Rosie’s variants are computationally predicted to be damaging but the exact defect or defects caused by each mutation – protein misfolding, protein instability, protein mis-localization, catalytic site inactivation, among others – has not yet been elucidated.
We turned to In Vivo Biosystems to generate worm avatars of Rosie’s two variants. Two independent clones were generated for each variant. A GMPPA knockout worm avatar was also generated for comparison. We suspected that the Rosie worm avatars experience protein misfolding stress due to excessive mannosylation. The simplest way to test for that is a heat shock assay, as shown below.
The R318W and T292P worm avatars have reduced activity at 37˚C. The GMPPA knockout behaves similarly. However, the Rosie worm avatar distributions overlap with the wildtype control (called N2). Nevertheless were were encouraged that we observed any differences. In search of a more robust disease phenotype to rescue, we next assessed developmental timing as expressed as body size over time.
The Rosie worm avatars as well as the knockout strain exhibit developmental delay at larval stage 1 and to a slightly lesser extent at larval stages 2 and 3. By larval stage 4 and Day 1 of adulthood, both the avatars and the knockout catch up to wildtype. The effect sizes observed in the heat shock and developmental timing assays are sufficient for hit validation studies but not large enough for a primary drug screen. So we subjected the Rosie worm avatars and knockout mutant to another stress test.
Recall that GMPPA and NGLY1 deficiencies both have alacrima as a clinical presentation. The two CDGs are also united by the fact that the metabolic scales are tipped toward excess glycosylation. For those reasons, we hypothesized that GMPPA worm avatars might be hypersensitive to the proteasome inhibitor bortezomib. Perlara 1.0 had success with using bortezomib as a sensitizer in the PMM2-CDG and NGLY1 deficiency worm drug repurposing projects. IVB did the experiment and the results are shown below.
Bortezomib had the expected sensitizing effect on a NGLY1 knockout worm. However, compared to the NGLY1 knockout mutant, bortezomib did not have as strong an effect on the Rosie worm avatars or the GMPPA knockout mutant. The Rosie worm avatars would be appropriate for hit validation studies but the phenotypic differences were not robust enough for a primary drug screen. It’s hard to predict beforehand which disease models will pan out, which is why we advise our clients to construct a diversified portfolio of disease models.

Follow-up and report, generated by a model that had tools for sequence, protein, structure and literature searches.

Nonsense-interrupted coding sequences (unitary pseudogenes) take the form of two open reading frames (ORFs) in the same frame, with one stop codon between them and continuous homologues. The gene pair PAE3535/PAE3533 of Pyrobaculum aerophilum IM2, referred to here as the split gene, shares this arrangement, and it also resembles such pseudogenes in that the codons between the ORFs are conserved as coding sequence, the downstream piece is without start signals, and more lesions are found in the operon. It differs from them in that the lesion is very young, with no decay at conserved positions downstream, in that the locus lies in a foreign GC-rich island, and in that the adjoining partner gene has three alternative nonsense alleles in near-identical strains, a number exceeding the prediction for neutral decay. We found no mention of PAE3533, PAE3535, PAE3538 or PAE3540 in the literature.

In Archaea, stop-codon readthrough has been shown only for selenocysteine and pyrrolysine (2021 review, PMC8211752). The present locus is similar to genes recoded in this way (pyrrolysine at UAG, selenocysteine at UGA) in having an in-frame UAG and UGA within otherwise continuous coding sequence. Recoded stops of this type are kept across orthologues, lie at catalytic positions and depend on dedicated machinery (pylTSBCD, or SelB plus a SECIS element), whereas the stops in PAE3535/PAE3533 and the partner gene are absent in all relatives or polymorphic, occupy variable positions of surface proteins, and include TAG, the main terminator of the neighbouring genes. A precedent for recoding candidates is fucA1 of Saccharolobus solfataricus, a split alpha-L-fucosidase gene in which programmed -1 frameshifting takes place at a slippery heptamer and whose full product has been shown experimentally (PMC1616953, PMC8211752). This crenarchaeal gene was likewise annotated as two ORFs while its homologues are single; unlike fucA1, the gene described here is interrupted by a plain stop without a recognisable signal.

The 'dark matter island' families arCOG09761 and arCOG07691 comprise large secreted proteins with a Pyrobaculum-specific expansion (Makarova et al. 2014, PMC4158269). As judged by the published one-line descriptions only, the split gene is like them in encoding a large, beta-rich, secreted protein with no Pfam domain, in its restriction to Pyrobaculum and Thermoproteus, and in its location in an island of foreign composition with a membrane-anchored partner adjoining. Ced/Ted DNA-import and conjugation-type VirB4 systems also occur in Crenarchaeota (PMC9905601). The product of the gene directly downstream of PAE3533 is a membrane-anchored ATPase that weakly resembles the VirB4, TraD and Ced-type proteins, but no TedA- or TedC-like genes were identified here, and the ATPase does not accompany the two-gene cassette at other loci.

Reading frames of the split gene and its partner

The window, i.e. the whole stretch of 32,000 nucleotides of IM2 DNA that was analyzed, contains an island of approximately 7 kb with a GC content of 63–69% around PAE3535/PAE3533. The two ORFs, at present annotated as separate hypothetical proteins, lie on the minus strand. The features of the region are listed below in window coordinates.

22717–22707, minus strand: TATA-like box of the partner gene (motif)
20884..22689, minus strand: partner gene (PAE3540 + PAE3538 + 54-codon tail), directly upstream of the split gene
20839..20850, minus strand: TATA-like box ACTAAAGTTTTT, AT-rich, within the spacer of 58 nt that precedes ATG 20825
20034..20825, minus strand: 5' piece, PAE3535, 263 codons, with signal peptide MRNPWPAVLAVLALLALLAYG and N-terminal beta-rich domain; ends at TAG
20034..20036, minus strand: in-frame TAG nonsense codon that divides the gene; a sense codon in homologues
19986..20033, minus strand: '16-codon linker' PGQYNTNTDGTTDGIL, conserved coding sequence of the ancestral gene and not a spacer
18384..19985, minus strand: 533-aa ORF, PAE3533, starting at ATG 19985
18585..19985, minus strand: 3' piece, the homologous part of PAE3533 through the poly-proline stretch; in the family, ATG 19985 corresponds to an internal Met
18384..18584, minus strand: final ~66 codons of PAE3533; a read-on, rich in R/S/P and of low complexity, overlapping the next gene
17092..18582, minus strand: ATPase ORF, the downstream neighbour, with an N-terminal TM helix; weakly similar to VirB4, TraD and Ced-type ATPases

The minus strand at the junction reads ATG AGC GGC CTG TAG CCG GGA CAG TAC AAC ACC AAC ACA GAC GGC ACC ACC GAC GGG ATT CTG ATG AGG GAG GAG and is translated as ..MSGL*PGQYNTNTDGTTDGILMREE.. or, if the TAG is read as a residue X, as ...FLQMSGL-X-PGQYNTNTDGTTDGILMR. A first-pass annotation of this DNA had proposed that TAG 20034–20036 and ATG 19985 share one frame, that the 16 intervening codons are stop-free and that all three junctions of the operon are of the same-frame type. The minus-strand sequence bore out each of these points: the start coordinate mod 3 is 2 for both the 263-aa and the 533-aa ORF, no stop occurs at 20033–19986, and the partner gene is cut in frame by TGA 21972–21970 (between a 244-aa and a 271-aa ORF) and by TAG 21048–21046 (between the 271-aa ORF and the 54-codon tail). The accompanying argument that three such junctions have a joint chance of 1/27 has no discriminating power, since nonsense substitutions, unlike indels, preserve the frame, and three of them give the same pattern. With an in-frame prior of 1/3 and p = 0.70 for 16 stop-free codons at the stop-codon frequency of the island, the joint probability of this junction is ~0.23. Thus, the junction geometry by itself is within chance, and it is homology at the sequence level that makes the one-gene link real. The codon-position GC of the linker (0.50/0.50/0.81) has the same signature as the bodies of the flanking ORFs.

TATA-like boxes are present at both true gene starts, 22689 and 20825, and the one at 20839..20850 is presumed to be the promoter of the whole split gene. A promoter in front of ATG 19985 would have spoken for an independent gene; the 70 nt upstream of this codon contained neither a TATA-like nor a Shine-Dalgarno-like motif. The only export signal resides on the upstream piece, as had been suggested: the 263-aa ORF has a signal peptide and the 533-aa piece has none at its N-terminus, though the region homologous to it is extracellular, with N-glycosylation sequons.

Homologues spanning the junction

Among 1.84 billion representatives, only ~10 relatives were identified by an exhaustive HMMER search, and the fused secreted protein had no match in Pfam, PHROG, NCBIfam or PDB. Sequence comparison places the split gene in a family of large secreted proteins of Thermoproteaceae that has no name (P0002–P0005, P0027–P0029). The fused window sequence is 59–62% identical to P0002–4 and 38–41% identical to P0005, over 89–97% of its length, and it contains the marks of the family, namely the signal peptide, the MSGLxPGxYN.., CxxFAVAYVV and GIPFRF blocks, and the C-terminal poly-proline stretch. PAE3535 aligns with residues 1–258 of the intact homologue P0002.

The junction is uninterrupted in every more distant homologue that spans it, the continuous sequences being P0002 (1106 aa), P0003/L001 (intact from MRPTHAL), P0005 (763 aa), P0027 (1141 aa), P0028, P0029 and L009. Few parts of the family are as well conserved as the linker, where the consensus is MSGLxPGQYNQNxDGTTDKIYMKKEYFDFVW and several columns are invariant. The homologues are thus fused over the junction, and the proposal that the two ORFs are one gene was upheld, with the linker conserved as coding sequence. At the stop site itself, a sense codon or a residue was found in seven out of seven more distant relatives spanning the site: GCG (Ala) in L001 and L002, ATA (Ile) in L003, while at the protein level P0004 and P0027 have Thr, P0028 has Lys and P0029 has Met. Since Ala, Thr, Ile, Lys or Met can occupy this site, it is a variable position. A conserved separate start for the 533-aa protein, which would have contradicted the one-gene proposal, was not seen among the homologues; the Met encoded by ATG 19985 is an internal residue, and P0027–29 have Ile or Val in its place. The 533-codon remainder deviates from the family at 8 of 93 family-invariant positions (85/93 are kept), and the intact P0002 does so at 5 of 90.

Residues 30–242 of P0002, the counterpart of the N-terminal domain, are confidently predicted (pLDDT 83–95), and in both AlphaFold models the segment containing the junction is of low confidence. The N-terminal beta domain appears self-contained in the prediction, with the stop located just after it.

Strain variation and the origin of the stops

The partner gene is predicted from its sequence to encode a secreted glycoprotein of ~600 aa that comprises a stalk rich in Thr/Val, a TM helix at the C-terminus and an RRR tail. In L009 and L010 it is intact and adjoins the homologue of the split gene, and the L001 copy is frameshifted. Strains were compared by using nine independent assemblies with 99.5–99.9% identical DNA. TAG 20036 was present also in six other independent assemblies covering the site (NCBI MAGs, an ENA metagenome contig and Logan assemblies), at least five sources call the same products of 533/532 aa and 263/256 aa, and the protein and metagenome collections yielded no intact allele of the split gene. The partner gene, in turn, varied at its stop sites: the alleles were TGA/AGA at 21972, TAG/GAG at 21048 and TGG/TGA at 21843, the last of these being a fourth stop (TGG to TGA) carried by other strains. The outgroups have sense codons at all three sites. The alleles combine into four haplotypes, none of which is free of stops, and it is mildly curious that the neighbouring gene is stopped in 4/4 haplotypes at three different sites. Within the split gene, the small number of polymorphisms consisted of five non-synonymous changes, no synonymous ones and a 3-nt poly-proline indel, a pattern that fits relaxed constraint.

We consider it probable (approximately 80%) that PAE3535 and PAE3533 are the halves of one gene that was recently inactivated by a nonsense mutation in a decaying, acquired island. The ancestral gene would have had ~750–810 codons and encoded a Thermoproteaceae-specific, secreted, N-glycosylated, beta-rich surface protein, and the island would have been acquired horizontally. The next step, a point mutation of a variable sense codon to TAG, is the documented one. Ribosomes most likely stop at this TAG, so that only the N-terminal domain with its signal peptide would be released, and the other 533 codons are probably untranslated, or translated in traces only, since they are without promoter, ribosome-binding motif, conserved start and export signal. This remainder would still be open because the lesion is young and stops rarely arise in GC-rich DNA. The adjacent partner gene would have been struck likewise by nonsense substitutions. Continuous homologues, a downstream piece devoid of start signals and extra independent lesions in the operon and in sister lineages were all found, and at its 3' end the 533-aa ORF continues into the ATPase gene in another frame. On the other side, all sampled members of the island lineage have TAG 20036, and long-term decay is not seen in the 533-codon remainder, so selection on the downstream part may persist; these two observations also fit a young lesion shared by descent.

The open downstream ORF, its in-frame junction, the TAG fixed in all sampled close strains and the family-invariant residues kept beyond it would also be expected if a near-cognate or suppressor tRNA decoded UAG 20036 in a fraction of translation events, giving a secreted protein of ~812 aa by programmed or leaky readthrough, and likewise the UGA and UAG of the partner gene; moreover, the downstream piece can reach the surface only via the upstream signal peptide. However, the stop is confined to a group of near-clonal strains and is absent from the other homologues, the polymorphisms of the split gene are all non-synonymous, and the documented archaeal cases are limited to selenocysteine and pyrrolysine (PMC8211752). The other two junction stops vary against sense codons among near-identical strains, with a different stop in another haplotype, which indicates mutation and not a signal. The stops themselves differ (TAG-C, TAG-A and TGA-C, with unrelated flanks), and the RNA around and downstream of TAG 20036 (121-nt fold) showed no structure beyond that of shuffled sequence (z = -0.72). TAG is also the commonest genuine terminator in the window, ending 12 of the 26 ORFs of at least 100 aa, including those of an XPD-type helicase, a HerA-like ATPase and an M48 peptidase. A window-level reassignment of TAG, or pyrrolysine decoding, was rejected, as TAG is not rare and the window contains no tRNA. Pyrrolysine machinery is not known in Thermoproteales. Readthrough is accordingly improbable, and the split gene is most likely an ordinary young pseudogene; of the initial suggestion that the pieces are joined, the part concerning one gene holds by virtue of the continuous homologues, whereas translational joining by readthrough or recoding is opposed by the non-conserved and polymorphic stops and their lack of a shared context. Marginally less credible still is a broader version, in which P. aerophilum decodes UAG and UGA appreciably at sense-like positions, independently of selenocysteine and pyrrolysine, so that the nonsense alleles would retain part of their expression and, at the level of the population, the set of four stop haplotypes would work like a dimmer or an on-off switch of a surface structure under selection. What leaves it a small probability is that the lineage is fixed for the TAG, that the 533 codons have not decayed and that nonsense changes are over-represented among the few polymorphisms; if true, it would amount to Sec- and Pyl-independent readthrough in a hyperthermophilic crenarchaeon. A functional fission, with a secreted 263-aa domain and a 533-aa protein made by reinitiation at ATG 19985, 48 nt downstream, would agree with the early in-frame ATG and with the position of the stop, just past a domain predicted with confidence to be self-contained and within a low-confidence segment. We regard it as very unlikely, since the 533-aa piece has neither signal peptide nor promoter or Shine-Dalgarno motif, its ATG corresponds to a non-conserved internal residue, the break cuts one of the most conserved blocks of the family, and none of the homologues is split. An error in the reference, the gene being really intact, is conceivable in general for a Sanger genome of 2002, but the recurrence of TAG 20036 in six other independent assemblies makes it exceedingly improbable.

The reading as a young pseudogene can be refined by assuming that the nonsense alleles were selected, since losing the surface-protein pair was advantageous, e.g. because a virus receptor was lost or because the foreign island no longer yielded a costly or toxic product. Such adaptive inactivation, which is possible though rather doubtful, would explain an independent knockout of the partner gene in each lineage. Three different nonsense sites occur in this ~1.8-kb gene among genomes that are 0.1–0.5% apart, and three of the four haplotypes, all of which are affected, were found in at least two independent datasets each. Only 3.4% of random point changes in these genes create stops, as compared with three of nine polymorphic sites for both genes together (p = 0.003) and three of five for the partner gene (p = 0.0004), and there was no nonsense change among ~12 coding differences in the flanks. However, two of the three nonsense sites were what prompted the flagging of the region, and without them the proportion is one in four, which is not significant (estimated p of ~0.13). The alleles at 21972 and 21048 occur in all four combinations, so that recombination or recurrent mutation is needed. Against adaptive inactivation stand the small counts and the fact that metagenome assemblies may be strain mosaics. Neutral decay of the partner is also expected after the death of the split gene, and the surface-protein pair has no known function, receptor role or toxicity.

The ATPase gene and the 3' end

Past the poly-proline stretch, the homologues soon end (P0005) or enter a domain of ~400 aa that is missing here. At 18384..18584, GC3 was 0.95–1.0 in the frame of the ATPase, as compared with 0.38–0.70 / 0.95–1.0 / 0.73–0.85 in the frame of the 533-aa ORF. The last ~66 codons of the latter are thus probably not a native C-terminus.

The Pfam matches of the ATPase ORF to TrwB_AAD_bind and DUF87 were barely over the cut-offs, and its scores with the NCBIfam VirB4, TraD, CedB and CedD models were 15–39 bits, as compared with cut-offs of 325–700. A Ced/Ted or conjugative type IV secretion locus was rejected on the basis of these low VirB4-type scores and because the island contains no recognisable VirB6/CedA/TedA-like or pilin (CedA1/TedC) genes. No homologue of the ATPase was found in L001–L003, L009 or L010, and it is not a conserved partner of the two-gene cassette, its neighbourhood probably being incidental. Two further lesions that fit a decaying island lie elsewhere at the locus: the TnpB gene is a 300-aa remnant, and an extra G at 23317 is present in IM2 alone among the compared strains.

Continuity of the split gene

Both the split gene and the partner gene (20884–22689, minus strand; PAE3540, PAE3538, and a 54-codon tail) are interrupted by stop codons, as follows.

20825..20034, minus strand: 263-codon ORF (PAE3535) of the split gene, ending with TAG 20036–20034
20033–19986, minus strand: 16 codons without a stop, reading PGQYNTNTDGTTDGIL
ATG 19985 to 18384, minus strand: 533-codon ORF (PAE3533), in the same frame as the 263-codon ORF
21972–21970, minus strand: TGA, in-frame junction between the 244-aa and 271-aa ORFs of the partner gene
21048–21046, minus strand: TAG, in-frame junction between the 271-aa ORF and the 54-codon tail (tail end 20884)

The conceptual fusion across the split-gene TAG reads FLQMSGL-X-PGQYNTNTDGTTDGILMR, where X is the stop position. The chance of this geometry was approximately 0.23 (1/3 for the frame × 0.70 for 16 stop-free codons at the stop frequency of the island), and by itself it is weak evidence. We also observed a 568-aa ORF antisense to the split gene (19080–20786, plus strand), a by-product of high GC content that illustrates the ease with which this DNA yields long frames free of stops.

Anticipating this outcome, we worked in parallel with Professor Clement Chow at the University of Utah to develop and characterize a GMPPA fly model for a drug repurposing screen.
The Chow lab is developing fly avatars for a variety of monogenic diseases, including CDGs, and then deploying said fly avatars in drug repurposing screens. For MAN1B1-CDG, a fly avatar was generated and screened, resulting in a group of hit compounds with the same mechanism of action. (A 1-to-N study has been underway since last Thanksgiving and we hope to say more about it soon).
Reminiscent of NGLY1 deficiency, GMPPA deficiency in flies also results in pupal lethality, i.e., animals die in the pupal case, as shown below:
So the readout for the screen is super simple: are there any living adults in the vial? ~1,500 compounds were screened by hand, a process that took several months from beginning to end. The screen yielded six hits. Upon retesting, 3/6 hits showed reproducible and robust rescue of pupal lethality. Remarkably, the top hit rescued pupal lethality to such an extent that 36% of the animals developed to adulthood — versus 0% in the negative control. What’s even cooler is the the top three hits are not only structurally related but also appear to target another CDG gene!
Worm hit validation studies with the six compounds were recently completed by IVB. The results for the top three hits show a trend toward rescue. Differences in solubility and stability in worm media, and in worms themselves, may explain why we don’t see perfect concordance between rescue in worms and rescue in flies. (Recall that in our NGLY1 worm and fly drug repurposing screens, only one compound was a hit in both species primary screens).
We’re planning on testing GDP-mannose levels in Rosie’s fibroblasts as well as three other GMPPA-CDG patients this summer. We also have a GMPPA KO cell line. As we’ve seen before in the cases of PMM2-CDG and SRD5A3-CDG, the mechanism of action of repurposing hits involves metabolic rebalancing.